I am studying topological manifolds as a prerequisite to studying General Relativity and although this question is premature since I have not yet begun the latter it is bothering me.

From basic physics I always heard that General Relativity is background independent. Is this the same thing as saying it can be done without coordinate systems or just that it must be done with a coordinate system but the one you use doesn't really matter?

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    $\begingroup$ I mean, consider the statement: "this morning my little kid's height reached 3 feet". That is a highly coordinate-dependent statement which depends on a notion of time, a definition of a height unit, a definition of where the zero of height is, and a definition for which direction you measure height in. Every actual concrete statement you make about the world uses coordinates. Making everything coordinate-free is a fun diversion for mathematicians, but not useful if you actually want to describe specific, real things. $\endgroup$ – knzhou Sep 22 '18 at 13:54

Pretty much the latter: coordinates are the tools we use to describe what is going on: there are no coordinates in nature and it does not really matter which coordinate system we use, so long as it's 'good': it should provide a suitably differentiable 1-1 map of the manifold (or an open subset of the manifold) into $\mathbb{R}^4$, so that we can talk about what is going on. Of course, in practice the choice of coordinates matters a lot, because you want to choose one that makes calculations practical: this is just the same thing as in other parts of physics: you don't really want to be working on a problem with spherical symmetry in cartesian coordinates, say.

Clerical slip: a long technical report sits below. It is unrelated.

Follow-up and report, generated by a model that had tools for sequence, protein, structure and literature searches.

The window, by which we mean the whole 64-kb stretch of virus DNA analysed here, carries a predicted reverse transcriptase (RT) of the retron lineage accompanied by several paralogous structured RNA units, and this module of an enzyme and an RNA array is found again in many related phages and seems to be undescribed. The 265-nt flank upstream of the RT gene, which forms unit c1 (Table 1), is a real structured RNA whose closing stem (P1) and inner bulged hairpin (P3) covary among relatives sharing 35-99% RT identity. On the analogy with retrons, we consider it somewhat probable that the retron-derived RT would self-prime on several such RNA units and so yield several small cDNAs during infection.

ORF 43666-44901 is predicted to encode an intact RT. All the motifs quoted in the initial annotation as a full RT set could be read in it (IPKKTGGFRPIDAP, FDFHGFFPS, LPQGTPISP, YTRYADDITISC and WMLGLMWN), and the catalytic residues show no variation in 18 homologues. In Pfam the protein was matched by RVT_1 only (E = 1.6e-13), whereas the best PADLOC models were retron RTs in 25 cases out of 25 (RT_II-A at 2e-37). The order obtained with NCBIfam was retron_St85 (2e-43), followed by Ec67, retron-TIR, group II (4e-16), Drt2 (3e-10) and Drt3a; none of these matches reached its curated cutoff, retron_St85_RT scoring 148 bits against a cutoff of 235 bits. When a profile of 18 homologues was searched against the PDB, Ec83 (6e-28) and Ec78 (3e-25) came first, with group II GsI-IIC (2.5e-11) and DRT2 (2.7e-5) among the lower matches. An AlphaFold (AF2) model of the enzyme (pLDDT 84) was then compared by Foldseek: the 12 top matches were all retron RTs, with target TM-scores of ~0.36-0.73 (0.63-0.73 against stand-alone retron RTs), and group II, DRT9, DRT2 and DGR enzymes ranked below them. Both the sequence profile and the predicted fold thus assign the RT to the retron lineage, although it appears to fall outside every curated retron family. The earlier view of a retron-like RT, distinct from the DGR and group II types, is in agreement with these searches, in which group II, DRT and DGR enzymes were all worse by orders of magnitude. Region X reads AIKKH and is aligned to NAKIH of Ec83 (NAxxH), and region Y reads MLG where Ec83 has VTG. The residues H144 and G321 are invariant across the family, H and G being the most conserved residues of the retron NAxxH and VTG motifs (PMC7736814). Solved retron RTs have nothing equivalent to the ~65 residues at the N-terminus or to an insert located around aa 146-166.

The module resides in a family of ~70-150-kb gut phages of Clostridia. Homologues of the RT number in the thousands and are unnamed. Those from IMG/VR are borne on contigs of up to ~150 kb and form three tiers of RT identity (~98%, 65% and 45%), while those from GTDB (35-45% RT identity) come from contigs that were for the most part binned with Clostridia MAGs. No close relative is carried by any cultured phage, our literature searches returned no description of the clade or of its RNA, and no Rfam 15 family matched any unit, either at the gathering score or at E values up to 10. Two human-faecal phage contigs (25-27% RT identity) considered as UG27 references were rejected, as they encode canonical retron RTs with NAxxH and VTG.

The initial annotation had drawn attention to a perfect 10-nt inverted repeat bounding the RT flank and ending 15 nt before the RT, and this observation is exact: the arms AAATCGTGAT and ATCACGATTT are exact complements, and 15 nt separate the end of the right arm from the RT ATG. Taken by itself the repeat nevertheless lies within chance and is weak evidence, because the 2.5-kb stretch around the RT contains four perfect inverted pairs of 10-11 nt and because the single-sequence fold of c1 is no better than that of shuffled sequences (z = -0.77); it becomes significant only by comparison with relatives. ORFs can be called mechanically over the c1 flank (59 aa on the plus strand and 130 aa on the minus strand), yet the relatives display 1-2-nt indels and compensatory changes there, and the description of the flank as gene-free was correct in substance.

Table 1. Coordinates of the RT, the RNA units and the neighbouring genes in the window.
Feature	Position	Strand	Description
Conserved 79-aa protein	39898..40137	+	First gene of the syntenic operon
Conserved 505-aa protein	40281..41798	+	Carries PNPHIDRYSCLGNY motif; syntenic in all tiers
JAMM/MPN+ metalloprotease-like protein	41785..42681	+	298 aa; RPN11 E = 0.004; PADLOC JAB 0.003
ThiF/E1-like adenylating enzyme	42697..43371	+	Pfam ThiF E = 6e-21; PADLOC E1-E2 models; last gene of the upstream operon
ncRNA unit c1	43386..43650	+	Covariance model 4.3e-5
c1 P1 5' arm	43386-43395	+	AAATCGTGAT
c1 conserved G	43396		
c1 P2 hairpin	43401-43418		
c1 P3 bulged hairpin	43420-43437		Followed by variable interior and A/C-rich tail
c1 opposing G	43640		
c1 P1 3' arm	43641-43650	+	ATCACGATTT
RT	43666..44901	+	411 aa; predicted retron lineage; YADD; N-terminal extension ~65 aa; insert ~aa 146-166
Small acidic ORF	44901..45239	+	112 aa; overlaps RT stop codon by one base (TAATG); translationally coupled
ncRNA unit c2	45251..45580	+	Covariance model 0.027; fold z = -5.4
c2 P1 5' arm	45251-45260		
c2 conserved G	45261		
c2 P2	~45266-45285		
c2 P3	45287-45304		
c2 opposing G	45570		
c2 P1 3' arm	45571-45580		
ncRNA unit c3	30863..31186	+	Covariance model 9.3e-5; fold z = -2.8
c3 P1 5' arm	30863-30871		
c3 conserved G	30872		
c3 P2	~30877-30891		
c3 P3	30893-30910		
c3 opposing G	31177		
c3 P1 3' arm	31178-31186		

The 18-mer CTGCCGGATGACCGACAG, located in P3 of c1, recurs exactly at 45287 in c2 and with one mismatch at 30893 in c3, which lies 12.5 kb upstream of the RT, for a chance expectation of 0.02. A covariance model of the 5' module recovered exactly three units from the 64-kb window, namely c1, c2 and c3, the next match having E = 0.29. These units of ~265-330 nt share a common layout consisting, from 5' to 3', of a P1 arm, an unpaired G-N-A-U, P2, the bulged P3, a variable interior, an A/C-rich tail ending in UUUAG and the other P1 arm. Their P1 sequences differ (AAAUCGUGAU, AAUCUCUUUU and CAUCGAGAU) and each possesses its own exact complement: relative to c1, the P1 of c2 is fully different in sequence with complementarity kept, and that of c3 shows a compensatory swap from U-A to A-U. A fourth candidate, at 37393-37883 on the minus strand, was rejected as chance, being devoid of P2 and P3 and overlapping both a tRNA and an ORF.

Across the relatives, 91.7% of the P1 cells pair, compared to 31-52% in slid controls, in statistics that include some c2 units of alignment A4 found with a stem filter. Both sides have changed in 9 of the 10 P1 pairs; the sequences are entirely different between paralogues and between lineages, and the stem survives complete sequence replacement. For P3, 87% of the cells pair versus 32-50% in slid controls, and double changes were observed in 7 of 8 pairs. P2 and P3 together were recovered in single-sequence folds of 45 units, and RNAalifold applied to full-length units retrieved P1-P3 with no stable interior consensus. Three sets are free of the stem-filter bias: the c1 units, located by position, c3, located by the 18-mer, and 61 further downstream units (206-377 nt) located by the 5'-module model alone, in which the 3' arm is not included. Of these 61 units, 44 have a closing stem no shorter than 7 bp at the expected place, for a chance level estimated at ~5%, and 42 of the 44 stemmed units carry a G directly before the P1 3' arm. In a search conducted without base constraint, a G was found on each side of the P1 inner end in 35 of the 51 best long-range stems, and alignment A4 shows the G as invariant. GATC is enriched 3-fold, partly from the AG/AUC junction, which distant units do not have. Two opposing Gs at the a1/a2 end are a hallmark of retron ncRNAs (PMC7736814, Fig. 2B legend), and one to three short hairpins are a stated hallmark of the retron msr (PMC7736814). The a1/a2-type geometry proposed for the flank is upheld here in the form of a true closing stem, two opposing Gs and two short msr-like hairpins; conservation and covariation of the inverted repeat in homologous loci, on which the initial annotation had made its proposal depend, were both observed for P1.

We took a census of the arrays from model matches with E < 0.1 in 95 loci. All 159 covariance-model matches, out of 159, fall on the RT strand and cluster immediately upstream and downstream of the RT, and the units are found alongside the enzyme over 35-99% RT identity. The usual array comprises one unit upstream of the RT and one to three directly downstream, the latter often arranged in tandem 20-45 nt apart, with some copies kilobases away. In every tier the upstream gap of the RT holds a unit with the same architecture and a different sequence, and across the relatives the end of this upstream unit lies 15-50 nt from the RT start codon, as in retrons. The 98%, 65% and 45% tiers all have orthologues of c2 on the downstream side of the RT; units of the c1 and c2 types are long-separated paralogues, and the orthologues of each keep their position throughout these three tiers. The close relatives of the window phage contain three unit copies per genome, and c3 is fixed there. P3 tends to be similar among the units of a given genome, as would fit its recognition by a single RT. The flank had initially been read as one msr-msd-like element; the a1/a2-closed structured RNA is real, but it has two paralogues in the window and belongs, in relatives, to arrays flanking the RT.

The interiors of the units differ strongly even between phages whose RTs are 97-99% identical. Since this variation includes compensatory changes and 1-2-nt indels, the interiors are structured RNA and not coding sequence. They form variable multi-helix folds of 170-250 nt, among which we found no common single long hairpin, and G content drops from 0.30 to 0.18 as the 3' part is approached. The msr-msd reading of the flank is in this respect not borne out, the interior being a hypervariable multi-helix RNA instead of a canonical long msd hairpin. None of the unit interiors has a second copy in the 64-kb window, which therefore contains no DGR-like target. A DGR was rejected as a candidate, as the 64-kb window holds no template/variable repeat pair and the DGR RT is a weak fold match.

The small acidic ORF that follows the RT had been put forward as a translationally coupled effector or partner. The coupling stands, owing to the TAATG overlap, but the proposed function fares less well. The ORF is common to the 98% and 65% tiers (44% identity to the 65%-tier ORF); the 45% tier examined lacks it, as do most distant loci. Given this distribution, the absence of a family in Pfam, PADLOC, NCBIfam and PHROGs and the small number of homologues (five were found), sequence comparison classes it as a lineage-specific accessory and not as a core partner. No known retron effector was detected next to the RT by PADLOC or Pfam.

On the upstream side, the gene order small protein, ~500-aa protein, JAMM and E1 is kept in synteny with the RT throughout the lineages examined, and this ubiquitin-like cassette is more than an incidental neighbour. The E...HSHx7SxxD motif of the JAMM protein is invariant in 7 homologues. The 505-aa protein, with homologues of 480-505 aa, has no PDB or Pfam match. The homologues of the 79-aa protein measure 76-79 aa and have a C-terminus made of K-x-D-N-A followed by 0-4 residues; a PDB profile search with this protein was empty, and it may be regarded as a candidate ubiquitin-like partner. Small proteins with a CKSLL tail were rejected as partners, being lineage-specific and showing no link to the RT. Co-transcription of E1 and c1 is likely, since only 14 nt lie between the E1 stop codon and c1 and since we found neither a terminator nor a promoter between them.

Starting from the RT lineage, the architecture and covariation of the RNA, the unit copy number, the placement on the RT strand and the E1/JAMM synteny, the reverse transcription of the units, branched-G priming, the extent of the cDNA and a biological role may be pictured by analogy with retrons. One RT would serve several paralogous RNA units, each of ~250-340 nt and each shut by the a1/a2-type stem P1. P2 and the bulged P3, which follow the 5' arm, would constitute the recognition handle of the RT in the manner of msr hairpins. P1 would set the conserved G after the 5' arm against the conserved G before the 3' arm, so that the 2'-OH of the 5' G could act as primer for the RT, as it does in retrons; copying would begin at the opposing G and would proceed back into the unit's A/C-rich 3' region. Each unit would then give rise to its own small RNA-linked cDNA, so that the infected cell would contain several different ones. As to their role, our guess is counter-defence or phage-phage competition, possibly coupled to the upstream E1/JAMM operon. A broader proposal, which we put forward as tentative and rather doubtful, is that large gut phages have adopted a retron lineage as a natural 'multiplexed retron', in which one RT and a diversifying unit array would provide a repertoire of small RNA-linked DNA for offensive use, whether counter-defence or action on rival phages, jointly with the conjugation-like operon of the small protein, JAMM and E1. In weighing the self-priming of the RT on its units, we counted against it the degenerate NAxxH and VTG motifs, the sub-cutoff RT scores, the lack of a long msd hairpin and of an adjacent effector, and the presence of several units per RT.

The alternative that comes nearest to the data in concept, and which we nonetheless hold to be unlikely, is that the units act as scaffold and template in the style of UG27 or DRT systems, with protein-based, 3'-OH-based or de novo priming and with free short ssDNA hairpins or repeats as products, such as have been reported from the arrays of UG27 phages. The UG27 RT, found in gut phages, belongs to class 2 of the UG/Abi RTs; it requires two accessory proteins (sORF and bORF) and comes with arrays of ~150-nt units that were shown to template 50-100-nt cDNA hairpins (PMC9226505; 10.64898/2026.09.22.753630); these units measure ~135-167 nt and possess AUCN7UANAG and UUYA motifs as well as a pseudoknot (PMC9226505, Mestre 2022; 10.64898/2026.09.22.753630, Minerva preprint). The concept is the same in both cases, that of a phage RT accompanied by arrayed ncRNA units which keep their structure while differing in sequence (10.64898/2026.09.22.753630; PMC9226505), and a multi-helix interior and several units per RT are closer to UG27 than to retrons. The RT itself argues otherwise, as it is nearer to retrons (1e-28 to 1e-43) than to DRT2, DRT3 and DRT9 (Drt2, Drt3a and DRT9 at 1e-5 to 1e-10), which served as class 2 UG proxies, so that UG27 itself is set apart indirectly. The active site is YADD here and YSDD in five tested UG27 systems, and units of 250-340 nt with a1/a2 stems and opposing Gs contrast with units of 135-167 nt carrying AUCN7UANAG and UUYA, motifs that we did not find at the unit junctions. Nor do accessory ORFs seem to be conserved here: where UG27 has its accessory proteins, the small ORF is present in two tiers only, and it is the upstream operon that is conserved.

Of course there are also things you can do in GR without using coordinates at all: only some (probably most!) calculations require coordinates.

However there is a slight caveat to this: the way manifolds are defined (at least to a physicist: mathematicians may have more abstract definitions) is by specifying that there are continuous 1-1 maps between open sets of the manifold and open sets of $\mathbb{R}^n$. These collections of maps are, in fact, coordinate systems for the manifold. So you could argue that there are, inherently, coordinate systems. But it does not matter what the coordinate systems are: you can choose any good set you like.


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